The purpose of this study is to test the hypothesis that decreasing the inspired oxygen
concentration during thoracic surgery requiring one lung ventilation will improve
One lung ventilation is frequently required during thoracic surgery and results in decreased
lung function post-operatively. Supra-physiologic oxygen levels during surgery may contribute
to this decrease in lung function by worsening lung injury intra-operatively.
This study will include patients undergoing surgery to remove a lung lobe requiring one lung
The patients will be divided into two groups with the experimental group receiving a 60%
oxygen in air mixture and the control group receiving 100% oxygen.
The two groups will be compared by using a measure of lung function (the ratio of the partial
pressure of oxygen in arterial blood to the inspired oxygen concentration) and blood levels
of a protein correlated with lung injury (receptor of advanced glycation end products RAGE).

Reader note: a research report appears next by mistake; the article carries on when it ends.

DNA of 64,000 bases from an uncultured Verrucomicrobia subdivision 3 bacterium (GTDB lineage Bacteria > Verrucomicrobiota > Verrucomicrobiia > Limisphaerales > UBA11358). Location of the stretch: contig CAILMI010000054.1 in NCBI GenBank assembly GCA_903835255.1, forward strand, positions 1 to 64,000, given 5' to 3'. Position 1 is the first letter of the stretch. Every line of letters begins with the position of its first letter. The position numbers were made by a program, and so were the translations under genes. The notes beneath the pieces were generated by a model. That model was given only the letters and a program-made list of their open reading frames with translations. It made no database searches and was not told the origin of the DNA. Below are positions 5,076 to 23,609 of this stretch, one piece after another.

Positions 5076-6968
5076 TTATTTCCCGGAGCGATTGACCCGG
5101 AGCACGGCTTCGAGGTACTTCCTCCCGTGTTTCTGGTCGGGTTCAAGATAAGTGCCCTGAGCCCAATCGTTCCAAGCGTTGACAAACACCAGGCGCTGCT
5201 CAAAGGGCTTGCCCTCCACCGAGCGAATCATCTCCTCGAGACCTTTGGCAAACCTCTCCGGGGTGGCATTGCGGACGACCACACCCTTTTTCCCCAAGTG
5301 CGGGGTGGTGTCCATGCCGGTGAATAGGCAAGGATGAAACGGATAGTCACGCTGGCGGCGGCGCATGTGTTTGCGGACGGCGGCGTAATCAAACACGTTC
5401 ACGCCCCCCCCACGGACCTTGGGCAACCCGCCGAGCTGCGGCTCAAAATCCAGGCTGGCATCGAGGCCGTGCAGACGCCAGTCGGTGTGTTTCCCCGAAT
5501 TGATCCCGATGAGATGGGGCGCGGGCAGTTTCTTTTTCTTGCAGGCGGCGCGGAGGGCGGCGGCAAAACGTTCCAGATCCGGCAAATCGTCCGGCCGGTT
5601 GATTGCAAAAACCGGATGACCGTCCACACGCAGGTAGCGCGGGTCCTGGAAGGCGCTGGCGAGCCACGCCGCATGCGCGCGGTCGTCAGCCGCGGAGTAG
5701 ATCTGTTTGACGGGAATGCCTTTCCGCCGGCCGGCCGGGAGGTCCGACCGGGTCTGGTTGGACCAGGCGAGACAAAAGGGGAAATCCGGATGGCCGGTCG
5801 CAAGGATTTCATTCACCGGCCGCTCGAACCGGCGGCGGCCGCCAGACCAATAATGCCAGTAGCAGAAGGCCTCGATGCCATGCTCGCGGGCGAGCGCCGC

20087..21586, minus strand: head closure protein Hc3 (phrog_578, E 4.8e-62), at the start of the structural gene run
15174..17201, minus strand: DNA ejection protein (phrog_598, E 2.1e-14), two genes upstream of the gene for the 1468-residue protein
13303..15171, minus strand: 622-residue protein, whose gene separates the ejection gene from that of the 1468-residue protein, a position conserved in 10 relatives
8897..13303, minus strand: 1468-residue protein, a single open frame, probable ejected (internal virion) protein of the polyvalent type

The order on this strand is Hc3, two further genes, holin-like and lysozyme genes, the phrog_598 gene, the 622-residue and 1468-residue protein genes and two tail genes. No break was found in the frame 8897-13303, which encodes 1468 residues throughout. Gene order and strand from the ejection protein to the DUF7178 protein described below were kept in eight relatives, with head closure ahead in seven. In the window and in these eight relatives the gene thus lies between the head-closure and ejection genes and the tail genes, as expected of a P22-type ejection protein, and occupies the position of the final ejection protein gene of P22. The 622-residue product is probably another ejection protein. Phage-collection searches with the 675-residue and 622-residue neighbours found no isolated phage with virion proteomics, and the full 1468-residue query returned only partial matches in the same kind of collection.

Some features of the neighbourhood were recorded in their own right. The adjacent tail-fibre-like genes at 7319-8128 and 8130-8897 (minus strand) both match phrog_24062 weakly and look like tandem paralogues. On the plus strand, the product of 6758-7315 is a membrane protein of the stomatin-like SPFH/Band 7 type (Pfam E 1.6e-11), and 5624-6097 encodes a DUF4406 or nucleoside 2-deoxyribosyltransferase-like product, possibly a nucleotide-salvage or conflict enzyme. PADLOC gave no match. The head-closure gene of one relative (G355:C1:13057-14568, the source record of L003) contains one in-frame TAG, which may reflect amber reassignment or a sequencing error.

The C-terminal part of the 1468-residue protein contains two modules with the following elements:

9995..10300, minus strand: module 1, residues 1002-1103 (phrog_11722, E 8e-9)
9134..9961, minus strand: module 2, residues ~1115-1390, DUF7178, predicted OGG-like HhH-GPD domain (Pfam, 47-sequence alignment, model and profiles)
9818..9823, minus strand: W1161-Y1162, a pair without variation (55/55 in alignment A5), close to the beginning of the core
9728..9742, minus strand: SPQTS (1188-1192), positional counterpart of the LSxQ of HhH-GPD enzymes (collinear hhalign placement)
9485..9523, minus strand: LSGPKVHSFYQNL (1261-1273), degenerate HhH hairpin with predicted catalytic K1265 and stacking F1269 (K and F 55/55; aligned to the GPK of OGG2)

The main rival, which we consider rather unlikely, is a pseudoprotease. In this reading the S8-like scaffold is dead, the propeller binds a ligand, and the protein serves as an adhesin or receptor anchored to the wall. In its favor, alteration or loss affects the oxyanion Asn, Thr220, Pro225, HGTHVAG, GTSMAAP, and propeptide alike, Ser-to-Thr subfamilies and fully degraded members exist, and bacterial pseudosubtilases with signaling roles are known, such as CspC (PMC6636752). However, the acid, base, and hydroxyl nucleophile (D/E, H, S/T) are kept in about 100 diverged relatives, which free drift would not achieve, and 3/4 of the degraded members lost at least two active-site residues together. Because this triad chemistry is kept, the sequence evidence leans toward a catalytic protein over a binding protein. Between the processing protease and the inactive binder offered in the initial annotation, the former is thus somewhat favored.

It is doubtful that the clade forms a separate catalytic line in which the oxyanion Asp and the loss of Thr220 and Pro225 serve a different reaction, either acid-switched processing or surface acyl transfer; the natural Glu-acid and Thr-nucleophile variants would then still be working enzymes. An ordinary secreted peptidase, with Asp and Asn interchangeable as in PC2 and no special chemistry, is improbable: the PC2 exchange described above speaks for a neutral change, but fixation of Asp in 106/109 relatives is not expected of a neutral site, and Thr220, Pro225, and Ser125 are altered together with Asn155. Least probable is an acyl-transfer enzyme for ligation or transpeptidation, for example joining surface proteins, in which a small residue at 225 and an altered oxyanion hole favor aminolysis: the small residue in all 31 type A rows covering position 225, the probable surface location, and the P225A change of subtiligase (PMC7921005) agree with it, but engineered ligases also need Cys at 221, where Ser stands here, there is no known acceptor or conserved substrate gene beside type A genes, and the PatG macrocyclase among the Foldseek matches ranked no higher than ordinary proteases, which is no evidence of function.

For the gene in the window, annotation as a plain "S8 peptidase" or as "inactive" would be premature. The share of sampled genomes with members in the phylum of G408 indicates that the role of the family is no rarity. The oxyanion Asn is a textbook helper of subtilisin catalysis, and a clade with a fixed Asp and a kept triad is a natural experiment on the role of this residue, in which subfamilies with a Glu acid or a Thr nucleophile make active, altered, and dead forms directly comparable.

1. Adults, 18 years of age and older, male or female.
2. American Society of Anesthesiology (ASA) physical status I, II, III or IV
3. Subjects who are scheduled for elective primary pulmonary lobectomy.
4. Subjects who have an arterial line placed as part of routine anesthetic management
5. Subjects who can understand and communicate in English.
1. Subjects with a history of difficult intubation
2. Subjects with a high risk of aspiration during induction of anesthesia
3. Subjects with morbid obesity (BMI greater than or equal to 40)
4. Subjects with unable to provide consent
5. Subjects who are minors
6. Subjects who are not English speaking